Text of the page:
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SMART needs volunteer readers!

SMART needs volunteer readers!

SMART studentAn organization I care about, SMART (Start Making A Reader Today), is launching a statewide campaign to recruit 1,550 new volunteers by Nov. 1 in order to meet their goal of providing over 11,300 children this year with one-on-one reading support and books to keep and build their personal libraries.

SMART Readers spend an hour each week during the school year reading one-on-one with PreK through third-grade children and helping to foster a love of reading through fun, child-guided reading sessions. If you have just one hour per week to volunteer, SMART is a wonderful opportunity to make a difference in the lives of local students.  I especially encourage readers of color to volunteer. With your support, I know that SMART can exceed its goal! Here are three ways you can help:
Volunteer! Consider joining SMART as a Reader. Sign up for SMART online or call 877-598-4633 to learn more.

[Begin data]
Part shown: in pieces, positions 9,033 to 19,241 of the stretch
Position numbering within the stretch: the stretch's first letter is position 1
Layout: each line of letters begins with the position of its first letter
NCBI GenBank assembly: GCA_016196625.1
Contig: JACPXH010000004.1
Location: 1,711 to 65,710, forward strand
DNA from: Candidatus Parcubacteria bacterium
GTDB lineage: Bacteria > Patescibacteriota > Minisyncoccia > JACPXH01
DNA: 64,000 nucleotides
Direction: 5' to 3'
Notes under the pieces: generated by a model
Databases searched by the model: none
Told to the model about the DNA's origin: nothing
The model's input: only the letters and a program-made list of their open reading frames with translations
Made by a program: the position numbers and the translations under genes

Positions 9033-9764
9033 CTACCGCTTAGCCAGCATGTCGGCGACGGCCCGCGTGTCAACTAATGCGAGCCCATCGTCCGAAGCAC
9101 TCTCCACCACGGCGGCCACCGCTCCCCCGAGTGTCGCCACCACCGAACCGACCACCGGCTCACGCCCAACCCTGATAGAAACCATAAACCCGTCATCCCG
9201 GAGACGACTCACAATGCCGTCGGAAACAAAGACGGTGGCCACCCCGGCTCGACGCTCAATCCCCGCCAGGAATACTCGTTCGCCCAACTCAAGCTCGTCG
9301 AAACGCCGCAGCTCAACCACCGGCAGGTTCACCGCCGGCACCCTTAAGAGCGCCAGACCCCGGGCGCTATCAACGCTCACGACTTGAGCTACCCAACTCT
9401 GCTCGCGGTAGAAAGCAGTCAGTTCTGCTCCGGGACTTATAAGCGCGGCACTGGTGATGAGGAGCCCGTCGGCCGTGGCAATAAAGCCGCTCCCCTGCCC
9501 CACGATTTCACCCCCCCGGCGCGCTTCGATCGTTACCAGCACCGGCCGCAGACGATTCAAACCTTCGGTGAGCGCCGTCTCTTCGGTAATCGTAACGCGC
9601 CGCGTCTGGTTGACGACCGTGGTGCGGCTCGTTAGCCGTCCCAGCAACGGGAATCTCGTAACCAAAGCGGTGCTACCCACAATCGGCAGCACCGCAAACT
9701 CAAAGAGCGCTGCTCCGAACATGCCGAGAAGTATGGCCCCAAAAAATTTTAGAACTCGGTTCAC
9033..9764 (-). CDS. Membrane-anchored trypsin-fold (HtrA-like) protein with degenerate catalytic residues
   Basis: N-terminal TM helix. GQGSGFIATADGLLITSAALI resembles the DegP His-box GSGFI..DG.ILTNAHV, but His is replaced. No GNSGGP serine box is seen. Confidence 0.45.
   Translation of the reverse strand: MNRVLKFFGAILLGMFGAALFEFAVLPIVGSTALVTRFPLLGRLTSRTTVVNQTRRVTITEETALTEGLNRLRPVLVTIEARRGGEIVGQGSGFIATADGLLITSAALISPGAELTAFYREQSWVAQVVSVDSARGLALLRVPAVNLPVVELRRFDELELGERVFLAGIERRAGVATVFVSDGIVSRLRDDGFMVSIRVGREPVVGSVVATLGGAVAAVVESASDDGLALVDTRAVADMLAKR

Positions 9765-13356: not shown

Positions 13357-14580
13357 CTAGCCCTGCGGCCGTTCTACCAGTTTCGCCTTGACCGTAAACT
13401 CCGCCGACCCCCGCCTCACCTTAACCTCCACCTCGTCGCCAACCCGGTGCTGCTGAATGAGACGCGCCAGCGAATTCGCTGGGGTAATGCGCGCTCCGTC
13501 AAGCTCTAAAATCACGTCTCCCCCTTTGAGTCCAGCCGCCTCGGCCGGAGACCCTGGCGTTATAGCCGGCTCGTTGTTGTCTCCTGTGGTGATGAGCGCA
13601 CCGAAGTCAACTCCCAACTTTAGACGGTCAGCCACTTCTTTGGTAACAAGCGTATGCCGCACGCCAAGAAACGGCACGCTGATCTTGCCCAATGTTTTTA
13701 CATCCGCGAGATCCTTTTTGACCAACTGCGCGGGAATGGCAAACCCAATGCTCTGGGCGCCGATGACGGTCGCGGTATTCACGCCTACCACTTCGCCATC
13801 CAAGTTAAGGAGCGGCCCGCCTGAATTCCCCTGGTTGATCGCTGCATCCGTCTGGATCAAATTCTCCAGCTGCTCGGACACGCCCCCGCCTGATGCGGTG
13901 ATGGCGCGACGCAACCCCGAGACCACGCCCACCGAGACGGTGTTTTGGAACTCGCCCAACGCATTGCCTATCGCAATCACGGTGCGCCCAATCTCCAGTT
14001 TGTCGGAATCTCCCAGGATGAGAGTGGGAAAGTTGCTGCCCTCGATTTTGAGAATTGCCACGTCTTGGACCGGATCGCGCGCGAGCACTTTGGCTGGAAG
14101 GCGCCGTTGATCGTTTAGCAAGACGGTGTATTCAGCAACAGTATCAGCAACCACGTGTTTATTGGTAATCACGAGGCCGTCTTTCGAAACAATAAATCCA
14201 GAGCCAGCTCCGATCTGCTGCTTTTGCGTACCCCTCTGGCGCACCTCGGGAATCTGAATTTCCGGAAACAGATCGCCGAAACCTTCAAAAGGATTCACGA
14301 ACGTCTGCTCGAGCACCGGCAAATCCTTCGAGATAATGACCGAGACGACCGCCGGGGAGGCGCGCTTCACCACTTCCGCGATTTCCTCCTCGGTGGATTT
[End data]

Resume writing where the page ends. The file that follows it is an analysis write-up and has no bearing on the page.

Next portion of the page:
Tell your friends, families, and colleagues. Personalize this email message and forward it to folks in your networks.

Get social! Post about our need for Readers on social media.

I’ve been a SMART reader for 4 years in the kindergarten program at King Elementary School.  It’s been fun to spend time reading with the kids and watch their skills improve. Please join me in volunteering with this very worthwhile program.


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Health Committee welcomed Shafia Monroe to our August Meeting to Discuss Black Mother and Infant Health

Health Committee welcomed Shafia Monroe to our August Meeting to Discuss Black Mother and Infant Health

For decades, research has clearly shown that Black infants are more than twice as likely to die during birth than White infants;  Black mothers are 3-4 times more likely to die from pregnancy-related causes than White mothers. Higher education and income do not protect black women from these outcomes as demonstrated by Serena Williams’ recently publicized story of almost dying following the birth of her child.  These disparities in birth and pregnancy outcomes for black women are a public health crisis. The disparities of poorer birth outcomes has worsened and been linked to the cumulative effects of systemic racism on black women, systemic racism within our healthcare system, inadequate access to healthcare services and lack of education about pregnancy and birth in some communities.  The Portland NAACP Health committee has decided to partner with organizations that are focused on improving the health of black mothers and infants here in Oregon. And as a first step, we invited the internationally renowned Shafia Monroe to speak with us.